Fujifilm and Xerox merge into an $18 billion dollar corporation, the U.K. government will fine companies millions of dollars for failing to protect against cyberattacks, and Suncor invests big in electric autonomous vehicles.
First up from Facebook is news that the once-iconic American office copier machine manufacturer Xerox has officially ceded control to Japan-based Fujifilm in a deal that creates an $18 billion dollar company. The merger means Fujifilm will end up owning 50.1 per cent of the combined entity and be in control of all of Xerox’s operations. Despite the company being so famous for its copiers that the name Xerox became a verb, it has fallen on hard times lately in an industry that’s also shrunk significantly. The joint venture will cut 10,000 jobs in Asia as part of the restructuring – or one fifth of Fujifilm’s global workforce, which also caused its stock to plummet by more than eight per cent.
Next from Reddit, the United Kingdom is cracking down on cybersecurity and pledging to fine companies up to £17 million if they fail to protect themselves effectively from cyberattacks. Energy, transport, water, and health companies are expected to have the most robust protections, and these sectors will also be subject to inspections by regulators under a new government directive. The new rules will kick in on May 10 and cover breaches like ransomware outbreaks. The WannaCry ransomware attack last year hit and crippled many healthcare facilities in the UK, and the government wants to avoid any further mass disruption to critical national infrastructure. Guidance for companies is available online from the UK’s National Cyber Security Centre.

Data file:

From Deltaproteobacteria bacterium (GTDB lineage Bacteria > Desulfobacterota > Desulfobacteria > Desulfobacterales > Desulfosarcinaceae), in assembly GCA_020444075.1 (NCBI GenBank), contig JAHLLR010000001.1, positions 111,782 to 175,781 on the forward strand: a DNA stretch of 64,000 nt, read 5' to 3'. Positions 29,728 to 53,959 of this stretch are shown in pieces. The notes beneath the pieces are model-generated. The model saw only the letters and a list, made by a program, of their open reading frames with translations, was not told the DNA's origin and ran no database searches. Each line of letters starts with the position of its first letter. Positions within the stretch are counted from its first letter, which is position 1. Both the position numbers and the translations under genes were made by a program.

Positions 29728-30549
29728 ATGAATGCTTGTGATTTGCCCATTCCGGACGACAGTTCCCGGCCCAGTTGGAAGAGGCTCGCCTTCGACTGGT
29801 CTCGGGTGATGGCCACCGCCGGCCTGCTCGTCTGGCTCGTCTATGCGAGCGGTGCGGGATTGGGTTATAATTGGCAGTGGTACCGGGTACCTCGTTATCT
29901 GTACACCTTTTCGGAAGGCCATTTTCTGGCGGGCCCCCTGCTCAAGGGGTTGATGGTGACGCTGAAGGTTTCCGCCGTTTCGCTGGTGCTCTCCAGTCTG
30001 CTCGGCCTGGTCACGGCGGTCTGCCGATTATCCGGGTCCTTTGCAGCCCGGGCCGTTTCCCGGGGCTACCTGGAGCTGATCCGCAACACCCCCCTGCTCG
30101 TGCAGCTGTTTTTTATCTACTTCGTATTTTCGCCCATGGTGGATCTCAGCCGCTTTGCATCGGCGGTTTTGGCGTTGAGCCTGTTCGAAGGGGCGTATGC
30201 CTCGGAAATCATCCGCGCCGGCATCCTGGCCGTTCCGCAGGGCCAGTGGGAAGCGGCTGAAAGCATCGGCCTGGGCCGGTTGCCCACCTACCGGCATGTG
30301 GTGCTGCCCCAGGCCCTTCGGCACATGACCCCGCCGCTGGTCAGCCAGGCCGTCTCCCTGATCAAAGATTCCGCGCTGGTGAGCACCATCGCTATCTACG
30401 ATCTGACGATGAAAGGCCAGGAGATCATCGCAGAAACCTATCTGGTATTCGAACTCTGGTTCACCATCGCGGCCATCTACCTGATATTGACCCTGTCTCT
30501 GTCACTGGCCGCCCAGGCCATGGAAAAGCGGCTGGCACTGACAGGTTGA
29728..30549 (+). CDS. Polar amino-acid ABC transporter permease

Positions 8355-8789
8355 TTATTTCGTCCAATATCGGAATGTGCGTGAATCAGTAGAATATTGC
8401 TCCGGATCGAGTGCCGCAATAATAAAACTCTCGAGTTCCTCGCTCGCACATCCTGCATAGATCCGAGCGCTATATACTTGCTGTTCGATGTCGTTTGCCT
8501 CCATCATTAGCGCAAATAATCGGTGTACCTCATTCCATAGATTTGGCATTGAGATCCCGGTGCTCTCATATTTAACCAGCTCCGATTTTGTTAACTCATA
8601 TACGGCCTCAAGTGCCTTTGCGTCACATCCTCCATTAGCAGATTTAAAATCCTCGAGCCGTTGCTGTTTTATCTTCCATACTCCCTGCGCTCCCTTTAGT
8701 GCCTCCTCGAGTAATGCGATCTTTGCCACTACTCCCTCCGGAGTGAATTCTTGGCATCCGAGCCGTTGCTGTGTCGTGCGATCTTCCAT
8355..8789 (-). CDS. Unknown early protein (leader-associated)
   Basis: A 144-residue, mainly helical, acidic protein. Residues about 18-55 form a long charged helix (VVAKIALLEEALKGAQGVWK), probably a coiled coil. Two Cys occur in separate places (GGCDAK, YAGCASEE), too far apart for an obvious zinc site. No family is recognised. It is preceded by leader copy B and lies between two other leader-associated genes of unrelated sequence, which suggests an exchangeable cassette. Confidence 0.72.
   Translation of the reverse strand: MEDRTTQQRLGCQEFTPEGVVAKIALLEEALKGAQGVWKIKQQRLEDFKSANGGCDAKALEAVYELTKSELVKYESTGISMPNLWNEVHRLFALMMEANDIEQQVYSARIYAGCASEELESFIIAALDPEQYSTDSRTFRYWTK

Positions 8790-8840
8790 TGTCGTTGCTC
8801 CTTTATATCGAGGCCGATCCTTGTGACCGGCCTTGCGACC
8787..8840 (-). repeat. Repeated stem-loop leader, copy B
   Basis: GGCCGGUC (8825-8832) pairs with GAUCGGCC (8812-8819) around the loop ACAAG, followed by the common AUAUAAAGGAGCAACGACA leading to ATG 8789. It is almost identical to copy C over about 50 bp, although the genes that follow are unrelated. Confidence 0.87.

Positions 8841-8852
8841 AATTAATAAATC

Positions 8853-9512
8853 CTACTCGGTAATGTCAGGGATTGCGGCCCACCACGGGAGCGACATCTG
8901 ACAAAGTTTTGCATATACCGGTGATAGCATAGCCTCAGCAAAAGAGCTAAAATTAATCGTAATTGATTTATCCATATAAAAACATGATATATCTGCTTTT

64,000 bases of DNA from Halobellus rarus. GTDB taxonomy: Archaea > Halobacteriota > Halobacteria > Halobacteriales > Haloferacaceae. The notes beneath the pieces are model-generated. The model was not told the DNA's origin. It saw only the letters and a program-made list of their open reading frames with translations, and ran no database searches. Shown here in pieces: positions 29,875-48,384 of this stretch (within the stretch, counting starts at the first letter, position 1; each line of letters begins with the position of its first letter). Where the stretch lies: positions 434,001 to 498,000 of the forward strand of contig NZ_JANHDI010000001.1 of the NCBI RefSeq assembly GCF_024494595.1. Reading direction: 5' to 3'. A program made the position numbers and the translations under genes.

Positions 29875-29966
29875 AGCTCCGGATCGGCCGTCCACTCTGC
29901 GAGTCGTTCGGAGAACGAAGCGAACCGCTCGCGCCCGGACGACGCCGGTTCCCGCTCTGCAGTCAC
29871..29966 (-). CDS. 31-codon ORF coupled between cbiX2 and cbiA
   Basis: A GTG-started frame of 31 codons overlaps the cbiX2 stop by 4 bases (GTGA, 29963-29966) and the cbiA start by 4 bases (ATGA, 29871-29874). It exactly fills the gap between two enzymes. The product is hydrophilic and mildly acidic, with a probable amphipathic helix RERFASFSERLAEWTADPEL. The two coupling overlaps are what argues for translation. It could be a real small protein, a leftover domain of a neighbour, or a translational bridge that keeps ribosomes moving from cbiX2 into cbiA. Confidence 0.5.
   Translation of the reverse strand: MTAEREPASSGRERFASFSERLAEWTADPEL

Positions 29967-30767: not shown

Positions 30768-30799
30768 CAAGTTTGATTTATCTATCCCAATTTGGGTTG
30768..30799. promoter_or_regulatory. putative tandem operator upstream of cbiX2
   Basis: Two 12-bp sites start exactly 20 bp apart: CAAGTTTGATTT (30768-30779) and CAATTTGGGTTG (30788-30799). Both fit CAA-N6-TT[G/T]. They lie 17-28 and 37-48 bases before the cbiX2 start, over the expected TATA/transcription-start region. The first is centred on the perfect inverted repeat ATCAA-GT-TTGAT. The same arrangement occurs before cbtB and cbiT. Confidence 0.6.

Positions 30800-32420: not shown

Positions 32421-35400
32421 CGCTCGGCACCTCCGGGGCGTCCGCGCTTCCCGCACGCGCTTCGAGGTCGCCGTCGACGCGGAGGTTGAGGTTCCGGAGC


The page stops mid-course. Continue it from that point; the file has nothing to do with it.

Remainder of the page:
And last but not least from Facebook again, Suncor Energy has announced that over the next six years, it will begin implementing and deploying more than 150 electronic autonomous haul trucks at company-operated mines, starting in the Alberta oil sands this year. The Canadian energy company specializing in synthetic crude oil from the oil sands says it has been researching autonomous haulage systems for the last four years and has concluded it’s safe, efficient, and more cost-effective than traditional truck and shovel operations. These autonomous trucks will require new skillsets for many Suncor employees, and the company has pledged to work with the union to minimize workforce impacts, although it’s already said approximately 400 positions will be eliminated as a result.
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